Advertisement

Current Psychology

, Volume 18, Issue 3, pp 294–300 | Cite as

Use of the anchoring and adjustment heuristic by children

  • H. David SmithEmail author
Article

Abstract

Two studies are discussed in which children's use of the anchoring and adjustment heuristic was considered. Study one is a modification of the classic multiplication task devised by Kahneman and Tversky (1974). Results indicate that children in grades 4, 6, 8 and adults are affected by the order of numbers provided in an addition task. In addition, younger children display the tendency to over adjust, yielding higher estimates. In the second study, third and fifth grade participants and adults were provided anchors and estimated the number of jellybeans in a glass container. A main effect for condition is indicated, with lower anchors leading to lower estimates. Results of both studies are consistent with the an anchoring and adjustment explanation.

Keywords

Fourth Grader Current Psychology Addition Task Conjunction Fallacy Availability Heuristic 
These keywords were added by machine and not by the authors. This process is experimental and the keywords may be updated as the learning algorithm improves.

Preview

Unable to display preview. Download preview PDF.

Unable to display preview. Download preview PDF.

References

  1. Agnoli, F. (1991). Development of judgmental heuristics and logical reasoning: Training counteracts the representativeness heuristic. Cognitive Development, 6, 95–217.CrossRefGoogle Scholar
  2. Davidson, D. (1995). The representativeness heuristic and the conjunction fallacy effect in children's decision making. Merrill-Palmer Quarterly, 41 (3), 328–346.Google Scholar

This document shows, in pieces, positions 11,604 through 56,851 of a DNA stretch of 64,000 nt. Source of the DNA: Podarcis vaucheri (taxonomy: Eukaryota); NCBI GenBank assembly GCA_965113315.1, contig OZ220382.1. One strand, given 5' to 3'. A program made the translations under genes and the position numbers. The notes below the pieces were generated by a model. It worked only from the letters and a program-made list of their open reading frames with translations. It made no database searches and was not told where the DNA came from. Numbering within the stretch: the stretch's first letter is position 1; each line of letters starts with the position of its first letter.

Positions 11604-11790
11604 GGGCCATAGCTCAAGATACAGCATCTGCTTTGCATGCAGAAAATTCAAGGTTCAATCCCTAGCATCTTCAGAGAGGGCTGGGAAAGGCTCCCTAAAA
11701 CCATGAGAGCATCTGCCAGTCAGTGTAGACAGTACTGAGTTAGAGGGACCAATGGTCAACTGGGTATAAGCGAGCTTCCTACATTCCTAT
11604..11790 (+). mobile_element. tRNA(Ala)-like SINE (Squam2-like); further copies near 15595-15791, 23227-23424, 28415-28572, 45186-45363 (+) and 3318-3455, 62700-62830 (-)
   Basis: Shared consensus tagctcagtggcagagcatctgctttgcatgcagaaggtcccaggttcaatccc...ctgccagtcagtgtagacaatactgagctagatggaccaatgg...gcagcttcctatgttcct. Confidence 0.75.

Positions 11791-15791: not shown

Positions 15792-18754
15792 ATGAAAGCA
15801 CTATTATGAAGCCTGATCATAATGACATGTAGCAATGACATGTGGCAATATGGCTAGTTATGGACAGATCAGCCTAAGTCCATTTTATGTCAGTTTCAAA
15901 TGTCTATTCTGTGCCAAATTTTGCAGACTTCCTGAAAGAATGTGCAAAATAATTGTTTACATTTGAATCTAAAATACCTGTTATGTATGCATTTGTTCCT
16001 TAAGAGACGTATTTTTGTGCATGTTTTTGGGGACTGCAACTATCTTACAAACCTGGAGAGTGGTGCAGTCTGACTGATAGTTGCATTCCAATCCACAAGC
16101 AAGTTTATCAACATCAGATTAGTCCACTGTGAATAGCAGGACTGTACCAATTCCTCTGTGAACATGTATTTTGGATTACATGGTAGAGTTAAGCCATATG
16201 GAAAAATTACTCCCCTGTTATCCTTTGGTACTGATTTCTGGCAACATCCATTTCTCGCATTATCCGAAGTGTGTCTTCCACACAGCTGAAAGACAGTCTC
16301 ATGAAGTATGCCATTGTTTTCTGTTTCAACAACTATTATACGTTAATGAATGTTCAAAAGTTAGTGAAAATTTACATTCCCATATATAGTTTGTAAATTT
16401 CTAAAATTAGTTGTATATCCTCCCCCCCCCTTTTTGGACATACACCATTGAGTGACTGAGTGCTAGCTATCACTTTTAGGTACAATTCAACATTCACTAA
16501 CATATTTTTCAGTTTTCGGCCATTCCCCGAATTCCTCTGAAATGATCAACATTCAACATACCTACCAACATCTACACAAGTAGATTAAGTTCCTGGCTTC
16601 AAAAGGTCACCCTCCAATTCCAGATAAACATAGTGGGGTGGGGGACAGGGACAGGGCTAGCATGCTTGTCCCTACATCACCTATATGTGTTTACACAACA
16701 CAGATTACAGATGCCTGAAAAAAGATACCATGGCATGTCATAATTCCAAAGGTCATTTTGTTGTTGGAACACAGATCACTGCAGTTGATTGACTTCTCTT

3. Davies, M. and White, P.A. (1994). Use of availability heuristic by children. British Journal of Developmental Psychology, 12, 503–505.Google Scholar
  4. Jacobs, J.E. and Potenza, M. (1991). The use of judgment heuristics to make social and object decisions: A developmental perspective. Child Development, 62, 166–178.Google Scholar
  5. Kahneman, D., Slovic, P., and Tversky, A. (1982). Judgment under uncertainty: Heuristics and biases. Cambridge University Press, Cambridge.Google Scholar
  6. Ross, L. (1981). The intuitive scientist formulation. In Flavell, J. and Ross, L. (Eds.) Social Cognitive Development: Frontiers and Possible Futures. 1–42, New York, NY, Cambridge University Press.Google Scholar
  7. Scholz, R.W. (1983) Decision Making Under Uncertainty. Amsterdam: Elsevier Science Publishers.Google Scholar
  8. Smith, H.D. (1995). Judgmental heuristic use among children: A preliminary investigation. Paper presented as part of a symposium entitled “Children's use of heuristics and intuitive reasoning: What develops?” (Organized by Janis Jacobs) at the biennial meeting of the Society for Research in Child Development, March, Indianapolis, IN.Google Scholar
  9. Tabachnik, B. and Fidel, L. (1989), Using Multivariate Statistics. New York: Harper & Row.Google Scholar
  10. Tversky, A. and Kahneman, D. (1974). Judgment under uncertainty: Heuristics and Biases. Science, 185, 1124–1131.CrossRefGoogle Scholar

Copyright information

© Springer 1999

Authors and Affiliations

  1. 1.Department of PsychologyMiddlebury CollegeMiddlebury

Personalised recommendations